For applications which require high peak current and fast rise time, Silicon Carbide (SiC) material is ideal due to its ability to tolerate high localized temperatures generated during switching. This research was performed to investigate SiC devices for pulse power applications and to analyze the failure of the devices. Seven 2 mm × 2 mm SiC Gate Turn-Off thyristors (GTOs) manufactured by Cree were evaluated. The devices were tested at single shot and under repetitive stress using a ring-down capacitor discharge circuit. The current pulse width was 2 μs with a peak current of 1.4 kA (current density of 94.6 kA/cm2) and a maximum di/dt of 2.36 kA/μs. The maximum power dissipated within the devices was 240 kW. Thermal modeling of these devices was done using ANSYS to analyze the heating and cooling. The model used was a 2-D model that included the device package, and bonding materials. The maximum amount of power dissipated was calculated from the 1000A, 2 μs pulse. No further power input was added to the model and the heat transfer was plotted on an exponential scale. It was found that heat applied to a 2 μm thick region of the fingers yielded a maximum temperature of 2,500°C in the device. It took 1.0E-02 seconds for this heat to dissipate and for the device to return to 23C. The minimum and maximum stresses were found to be -2.83E +09 Pa and 4.06E+08 Pa, respectively. It was also found that the thickness of the heat generation region did not affect the final time to cool, but did affect the maximum temperature reached.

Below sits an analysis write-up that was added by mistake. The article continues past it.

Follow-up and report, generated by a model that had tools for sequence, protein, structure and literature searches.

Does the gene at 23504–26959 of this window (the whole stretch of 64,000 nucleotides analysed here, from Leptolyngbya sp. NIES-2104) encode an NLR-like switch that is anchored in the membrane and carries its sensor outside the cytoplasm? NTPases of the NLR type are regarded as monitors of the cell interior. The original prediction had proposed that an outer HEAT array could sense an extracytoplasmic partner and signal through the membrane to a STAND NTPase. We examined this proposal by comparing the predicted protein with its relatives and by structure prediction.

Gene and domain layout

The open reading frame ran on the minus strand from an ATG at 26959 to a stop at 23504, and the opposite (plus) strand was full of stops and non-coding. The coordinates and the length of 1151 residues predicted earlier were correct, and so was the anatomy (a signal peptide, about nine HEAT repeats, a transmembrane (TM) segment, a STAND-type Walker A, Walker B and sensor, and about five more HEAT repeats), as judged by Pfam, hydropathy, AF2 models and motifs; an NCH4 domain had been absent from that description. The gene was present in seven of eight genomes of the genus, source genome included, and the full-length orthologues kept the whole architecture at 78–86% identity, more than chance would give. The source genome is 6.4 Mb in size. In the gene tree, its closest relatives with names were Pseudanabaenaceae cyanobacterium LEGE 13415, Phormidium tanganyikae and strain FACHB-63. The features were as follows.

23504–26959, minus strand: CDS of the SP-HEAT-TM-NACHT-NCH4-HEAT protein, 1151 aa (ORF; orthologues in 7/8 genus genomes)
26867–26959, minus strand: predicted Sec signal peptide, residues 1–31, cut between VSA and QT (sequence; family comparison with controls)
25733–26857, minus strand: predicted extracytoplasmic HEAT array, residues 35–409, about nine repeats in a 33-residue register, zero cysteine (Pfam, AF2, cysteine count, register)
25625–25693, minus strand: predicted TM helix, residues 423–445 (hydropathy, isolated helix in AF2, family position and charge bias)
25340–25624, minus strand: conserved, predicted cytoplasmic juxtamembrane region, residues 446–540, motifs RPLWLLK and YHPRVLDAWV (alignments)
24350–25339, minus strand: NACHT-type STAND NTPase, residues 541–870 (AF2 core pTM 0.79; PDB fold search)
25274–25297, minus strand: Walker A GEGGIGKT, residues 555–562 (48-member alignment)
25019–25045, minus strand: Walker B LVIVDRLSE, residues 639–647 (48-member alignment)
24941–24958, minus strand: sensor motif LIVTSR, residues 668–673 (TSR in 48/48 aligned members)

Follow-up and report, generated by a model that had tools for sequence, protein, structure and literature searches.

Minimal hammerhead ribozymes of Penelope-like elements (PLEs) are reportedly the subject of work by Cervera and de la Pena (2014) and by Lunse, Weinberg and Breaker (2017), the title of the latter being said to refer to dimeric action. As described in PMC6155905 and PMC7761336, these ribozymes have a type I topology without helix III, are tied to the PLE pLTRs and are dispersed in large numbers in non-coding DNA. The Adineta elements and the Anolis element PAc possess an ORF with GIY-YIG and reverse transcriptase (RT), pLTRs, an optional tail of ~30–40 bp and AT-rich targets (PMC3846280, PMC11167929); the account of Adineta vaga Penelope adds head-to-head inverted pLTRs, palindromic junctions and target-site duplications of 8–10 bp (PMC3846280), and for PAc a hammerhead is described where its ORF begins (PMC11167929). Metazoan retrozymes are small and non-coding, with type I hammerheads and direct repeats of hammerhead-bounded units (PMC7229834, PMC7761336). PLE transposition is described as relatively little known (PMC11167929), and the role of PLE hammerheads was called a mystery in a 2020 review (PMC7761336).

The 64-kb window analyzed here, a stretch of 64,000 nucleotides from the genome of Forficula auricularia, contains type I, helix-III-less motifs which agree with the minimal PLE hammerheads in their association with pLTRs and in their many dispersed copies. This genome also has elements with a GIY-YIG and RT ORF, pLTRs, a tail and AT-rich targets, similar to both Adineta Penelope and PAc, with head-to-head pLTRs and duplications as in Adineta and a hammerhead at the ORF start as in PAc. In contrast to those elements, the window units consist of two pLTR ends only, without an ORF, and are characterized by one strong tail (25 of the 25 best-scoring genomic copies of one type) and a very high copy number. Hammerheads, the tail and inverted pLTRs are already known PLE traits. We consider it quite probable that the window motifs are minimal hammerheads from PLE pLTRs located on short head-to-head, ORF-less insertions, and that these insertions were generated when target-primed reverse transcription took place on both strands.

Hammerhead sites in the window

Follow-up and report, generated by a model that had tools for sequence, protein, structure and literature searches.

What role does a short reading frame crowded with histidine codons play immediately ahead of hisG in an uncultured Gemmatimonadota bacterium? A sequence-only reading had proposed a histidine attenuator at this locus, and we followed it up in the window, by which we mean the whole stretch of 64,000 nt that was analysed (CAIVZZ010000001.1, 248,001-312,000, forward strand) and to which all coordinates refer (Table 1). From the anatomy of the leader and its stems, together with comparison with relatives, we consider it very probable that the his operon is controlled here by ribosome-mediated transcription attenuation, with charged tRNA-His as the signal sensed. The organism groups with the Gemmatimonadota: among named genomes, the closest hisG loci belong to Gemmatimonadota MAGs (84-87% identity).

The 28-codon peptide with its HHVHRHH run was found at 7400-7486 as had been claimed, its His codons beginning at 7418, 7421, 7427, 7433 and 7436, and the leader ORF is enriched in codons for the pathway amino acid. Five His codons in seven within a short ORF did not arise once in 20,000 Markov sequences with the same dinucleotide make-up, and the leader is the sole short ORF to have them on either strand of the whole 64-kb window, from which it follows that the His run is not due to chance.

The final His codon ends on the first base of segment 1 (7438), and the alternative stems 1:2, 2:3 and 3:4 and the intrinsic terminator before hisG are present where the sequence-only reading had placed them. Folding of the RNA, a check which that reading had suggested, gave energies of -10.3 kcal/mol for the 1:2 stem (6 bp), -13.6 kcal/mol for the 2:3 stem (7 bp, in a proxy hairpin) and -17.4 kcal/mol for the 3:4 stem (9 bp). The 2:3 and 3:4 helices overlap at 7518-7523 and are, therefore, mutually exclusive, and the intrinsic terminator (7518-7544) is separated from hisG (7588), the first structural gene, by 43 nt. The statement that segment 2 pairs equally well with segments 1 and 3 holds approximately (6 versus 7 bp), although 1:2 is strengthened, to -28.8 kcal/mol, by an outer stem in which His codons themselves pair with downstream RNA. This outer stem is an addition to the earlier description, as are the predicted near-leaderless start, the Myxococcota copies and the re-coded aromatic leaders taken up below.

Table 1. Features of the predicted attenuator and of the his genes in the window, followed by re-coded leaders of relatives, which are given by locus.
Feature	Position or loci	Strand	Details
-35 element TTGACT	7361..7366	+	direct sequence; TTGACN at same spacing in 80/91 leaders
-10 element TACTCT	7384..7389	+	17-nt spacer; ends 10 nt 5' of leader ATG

|Number of pages||4|
|Journal||Conference Record of the International Power Modulator Symposium and High Voltage Workshop|
|State||Published - 2004|
|Event||2004 IEEE International Power Modulator Conference: 26th International Power Modulator Symposium and 2004 High Voltage Workshop - San Francisco, CA, United States|
Duration: May 23 2004 → May 26 2004